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Category Archives: Health And Hygiene

Nutrition, chamois creams, performance products, and pain-relieving ointments for cyclists.

Making Your Own Carbohydrate Gels

Ingredients For Making Your Own Carbohydrate Gels

Ingredients For Making Your Own Carbohydrate Gels

Last a fall I was out on a long bike ride with a friend of mine when he asked me how much money I spent a month on the carbohydrate gels I use. It was a question I really hadn’t thought much about before, but after doing a few quick calculations in my head I was shocked. Most of the carbohydrate gels I use are organic (a word usually synonymous with expensive), and during most of the year I go through 30 packs a week which comes out to $180 a month (I am so glad my wife never looks at the American Express statements). After I got home I decided to see if I could find a way to cut my expenses by creating my own carb gels, and at the end of this article you will find a few recipes that I have used. However, before we get to the recipes I need to explain how to choose your ingredients (if you want to experiment on your own).

I am a distance cyclist and except for my winter rides in the snow I seldom take a ride of under two hours. On long rides I normally burn between 900 and 1,000 calories an hour (based on my weight and speed). As a result, I try to consume 300 calories an hour (including 60 grams of carbohydrates). I get 100 calories an hour from my sports hydration mix and the other 200 calories from carb gels (and bananas when available). Most commercial carb gels offer a mixture of both simple and complex carbs and have 100 calories, along with 20 to 30 grams of carbs, and cost anywhere from $1.20 to $3.00 per package. Store-bought energy gels also have about 45mg sodium and 35mg potassium per serving. Simple carbs give a quick shot of energy, while complex carbs provide a slower release of energy. If your gel is composed entirely of simple carbs you will feel a quick rush of energy, followed by a sinking feeling a few minutes later.

You can make your own carbohydrate gels with just a few inexpensive ingredients—and it will only cost you around .30¢ per serving! As a bonus, your gels will always be fresh and free from unwanted chemicals. Here is a quick breakdown of the main ingredients that I use in my gels…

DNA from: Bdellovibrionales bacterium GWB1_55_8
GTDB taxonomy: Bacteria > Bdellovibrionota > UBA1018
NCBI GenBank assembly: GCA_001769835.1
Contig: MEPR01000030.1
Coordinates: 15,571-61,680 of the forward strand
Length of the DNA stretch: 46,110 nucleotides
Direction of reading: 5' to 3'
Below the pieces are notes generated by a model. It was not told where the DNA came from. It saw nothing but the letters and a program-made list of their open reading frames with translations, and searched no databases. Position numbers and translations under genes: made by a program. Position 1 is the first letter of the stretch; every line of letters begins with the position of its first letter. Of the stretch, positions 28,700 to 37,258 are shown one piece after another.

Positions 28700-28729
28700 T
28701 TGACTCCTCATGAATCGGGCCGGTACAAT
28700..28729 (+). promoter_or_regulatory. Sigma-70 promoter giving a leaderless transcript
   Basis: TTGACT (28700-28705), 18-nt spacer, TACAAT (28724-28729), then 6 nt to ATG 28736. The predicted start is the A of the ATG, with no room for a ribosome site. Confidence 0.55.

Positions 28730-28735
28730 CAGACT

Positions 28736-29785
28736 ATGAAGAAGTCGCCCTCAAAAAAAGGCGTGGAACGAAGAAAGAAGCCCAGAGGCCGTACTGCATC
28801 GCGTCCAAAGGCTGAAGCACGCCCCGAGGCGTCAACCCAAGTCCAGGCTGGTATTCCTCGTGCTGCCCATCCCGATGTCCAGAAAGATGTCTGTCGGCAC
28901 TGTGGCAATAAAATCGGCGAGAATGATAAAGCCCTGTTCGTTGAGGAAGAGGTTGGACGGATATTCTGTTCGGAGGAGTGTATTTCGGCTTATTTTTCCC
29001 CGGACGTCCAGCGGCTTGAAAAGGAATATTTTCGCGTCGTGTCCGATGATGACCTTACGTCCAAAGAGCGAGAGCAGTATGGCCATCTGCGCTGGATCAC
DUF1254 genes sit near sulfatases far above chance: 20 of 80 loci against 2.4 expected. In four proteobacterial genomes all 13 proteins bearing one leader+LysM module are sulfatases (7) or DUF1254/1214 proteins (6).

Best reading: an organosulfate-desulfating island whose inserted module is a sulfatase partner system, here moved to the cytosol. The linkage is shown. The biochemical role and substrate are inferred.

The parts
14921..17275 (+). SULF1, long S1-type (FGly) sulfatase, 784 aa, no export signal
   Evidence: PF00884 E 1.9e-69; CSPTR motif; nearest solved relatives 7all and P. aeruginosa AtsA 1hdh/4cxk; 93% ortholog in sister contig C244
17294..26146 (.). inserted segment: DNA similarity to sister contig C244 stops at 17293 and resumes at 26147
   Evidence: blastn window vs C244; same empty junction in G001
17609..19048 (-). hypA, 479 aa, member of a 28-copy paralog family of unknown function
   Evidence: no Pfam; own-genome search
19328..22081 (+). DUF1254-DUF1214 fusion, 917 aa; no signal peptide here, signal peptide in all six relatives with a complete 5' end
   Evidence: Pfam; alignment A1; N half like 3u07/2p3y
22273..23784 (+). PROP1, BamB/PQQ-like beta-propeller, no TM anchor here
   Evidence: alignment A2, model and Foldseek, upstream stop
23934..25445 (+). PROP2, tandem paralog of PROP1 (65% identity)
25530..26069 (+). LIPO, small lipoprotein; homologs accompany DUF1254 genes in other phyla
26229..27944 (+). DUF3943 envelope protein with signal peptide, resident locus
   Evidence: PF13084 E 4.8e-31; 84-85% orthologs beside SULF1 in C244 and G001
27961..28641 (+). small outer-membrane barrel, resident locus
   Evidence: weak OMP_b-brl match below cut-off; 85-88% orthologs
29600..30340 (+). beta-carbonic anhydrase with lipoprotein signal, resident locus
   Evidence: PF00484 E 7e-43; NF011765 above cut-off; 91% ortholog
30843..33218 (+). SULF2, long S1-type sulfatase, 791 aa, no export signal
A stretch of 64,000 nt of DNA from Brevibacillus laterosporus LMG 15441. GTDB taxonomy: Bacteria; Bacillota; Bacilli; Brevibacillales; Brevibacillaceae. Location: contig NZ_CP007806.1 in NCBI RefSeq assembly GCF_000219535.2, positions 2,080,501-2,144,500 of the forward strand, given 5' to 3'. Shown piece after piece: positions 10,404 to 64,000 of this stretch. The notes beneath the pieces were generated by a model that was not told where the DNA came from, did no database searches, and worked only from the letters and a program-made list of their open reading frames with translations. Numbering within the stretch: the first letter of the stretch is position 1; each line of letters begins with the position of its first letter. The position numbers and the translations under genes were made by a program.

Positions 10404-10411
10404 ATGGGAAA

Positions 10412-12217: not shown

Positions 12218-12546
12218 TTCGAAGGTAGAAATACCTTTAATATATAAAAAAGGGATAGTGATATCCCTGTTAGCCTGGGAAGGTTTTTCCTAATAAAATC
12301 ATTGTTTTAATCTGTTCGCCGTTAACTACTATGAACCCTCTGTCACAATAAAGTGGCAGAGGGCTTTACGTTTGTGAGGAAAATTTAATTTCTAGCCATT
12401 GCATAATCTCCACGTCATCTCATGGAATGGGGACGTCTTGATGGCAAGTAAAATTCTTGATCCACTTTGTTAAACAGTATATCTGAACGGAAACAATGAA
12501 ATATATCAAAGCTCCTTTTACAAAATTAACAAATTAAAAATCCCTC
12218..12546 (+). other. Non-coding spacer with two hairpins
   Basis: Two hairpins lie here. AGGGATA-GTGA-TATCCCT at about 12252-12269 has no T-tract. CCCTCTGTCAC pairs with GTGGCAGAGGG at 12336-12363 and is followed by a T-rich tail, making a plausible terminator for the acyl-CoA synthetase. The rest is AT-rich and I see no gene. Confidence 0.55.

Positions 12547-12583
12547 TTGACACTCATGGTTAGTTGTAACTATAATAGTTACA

Brown Rice Syrup has 65 calories per tablespoon (21g) and 16 grams of carbohydrates. Brown rice syrup has a Glycemic Index of 25 and is composed of about 50% complex carbohydrates, 45% maltose, and 3% glucose. I buy Now Foods Organic Brown Rice Syrup from a local grocery store (it’s in their health food department) and it sells for under $5 for a 16-ounce container.

Raw Honey is a 100% simple sugar and has a Glycemic Index of 58. Honey has 64 calories per tablespoon (21g) and has 17 grams of carbohydrates. Simple sugars can elevate your blood sugar very quickly, so you don’t want to take too much at one time. By the way, make sure you buy raw honey and not the processed garbage that comes in the cute bear containers.

Light Agave Nectar has 60 calories per tablespoon (21g) and has 16 grams of carbohydrates, with a Glycemic Index of 11. Maple Syrup has 53 calories per tablespoon (21g) and has 13 grams of carbohydrates, with a Glycemic Index of 54. Blackstrap Molasses has 45 calories per tablespoon (21g) and has 11g of carbohydrates, along with 15mg of sodium and 500mg of potassium. Blackstrap molasses has a Glycemic Index of 55. Since blackstrap molasses has a strong flavor you should probably start with just a bit of it and work your way up!

Now for the recipes—I wish I could take credit for all of these, but most of them are recipes that I’ve cobbled together from other cyclists. However, the first recipe is mostly mine and it is my favorite!

Blue Ribbon Butterscotch Candy

Mix 8 tablespoons brown rice syrup, 2 tablespoons light agave nectar, 1 tablespoon warm water, 1/4 teaspoon pure vanilla extract, 1/4 tablespoon Morton Lite Salt Mixture, and about 1/8 teaspoon Kosher salt. This mixture provides about 100 calories per 1.5 tablespoon. A ¼ teaspoon of Morton Lite Salt Mixture has 290mg sodium and 350mg potassium (I use this as an easy way to get potassium into my gels). This is my favorite homemade gel—and as the name implies, it tastes like butterscotch candy (and is highly addictive).